on 30 March 2011
Alan Allport, born in England, moving to the United States in 1994, earned his doctorate in History and has become an expert on WWII; currently lecturing at Princeton.
We usually think of joyous reunions of returning servicemen from WWII, seamlessly re-entering peacetime jobs and wives happy to have them back. But a somewhat darker image lies just beneath the surface, and Alan Allport explores this in seven chapters packed with details that are disturbing.
Allport correctly concentrates on the experiences of the demobbed men, and does not cover the British auxiliary forces (ATS, WRNS, WAAF), which story is so different in key respects, that they cannot be covered in a book that concentrates on the experiences of men.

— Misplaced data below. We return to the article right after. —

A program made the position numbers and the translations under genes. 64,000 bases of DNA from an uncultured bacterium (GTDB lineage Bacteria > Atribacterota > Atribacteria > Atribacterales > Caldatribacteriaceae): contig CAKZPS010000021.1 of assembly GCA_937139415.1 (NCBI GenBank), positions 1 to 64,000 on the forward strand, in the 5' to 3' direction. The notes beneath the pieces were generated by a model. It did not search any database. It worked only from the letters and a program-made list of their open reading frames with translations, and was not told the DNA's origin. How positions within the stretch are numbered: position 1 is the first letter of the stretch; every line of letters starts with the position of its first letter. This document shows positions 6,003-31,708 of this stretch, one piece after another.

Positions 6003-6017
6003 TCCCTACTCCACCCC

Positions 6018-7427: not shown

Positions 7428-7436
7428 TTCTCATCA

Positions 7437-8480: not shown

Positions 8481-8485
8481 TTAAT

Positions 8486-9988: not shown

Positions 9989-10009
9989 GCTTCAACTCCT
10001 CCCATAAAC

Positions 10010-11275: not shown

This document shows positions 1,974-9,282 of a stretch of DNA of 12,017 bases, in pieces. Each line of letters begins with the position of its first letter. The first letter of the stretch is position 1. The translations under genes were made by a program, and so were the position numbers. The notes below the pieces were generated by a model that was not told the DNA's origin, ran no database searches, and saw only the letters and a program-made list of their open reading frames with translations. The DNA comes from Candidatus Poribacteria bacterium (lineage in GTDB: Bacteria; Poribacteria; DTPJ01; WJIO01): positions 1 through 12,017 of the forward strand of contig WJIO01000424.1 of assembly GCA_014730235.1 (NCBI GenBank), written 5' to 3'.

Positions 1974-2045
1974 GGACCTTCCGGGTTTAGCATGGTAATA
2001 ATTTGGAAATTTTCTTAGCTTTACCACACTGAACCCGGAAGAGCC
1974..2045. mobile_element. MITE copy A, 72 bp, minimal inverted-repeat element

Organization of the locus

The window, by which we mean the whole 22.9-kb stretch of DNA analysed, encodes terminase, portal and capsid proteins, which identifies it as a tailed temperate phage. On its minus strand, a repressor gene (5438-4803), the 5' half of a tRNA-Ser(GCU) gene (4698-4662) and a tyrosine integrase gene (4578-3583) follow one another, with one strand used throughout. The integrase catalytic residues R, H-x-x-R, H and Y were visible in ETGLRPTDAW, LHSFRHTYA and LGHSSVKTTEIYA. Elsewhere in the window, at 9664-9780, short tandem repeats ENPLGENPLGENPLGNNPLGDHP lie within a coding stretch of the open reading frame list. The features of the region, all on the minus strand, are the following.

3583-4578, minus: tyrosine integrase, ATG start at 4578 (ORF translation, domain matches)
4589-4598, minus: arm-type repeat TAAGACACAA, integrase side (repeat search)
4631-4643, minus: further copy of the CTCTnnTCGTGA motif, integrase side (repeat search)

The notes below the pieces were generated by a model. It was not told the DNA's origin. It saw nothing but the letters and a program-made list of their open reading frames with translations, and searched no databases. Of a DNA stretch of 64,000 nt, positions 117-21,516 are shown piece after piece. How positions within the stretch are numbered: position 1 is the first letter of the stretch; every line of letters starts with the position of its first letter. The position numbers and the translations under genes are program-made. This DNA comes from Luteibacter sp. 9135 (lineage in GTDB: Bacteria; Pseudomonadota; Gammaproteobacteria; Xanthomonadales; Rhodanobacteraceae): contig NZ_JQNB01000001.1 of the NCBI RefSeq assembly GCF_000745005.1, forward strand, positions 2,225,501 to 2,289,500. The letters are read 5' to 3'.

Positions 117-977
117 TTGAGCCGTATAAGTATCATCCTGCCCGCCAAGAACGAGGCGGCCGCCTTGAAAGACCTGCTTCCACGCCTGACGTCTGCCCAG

Most popular accounts of demobbed soldiers are anecdotal in style, and some historians still believe demob to be non-problematic, according to Allport. Thus, this writer brings to the table a careful examination of original primary source material, including court documents and press accounts of the period.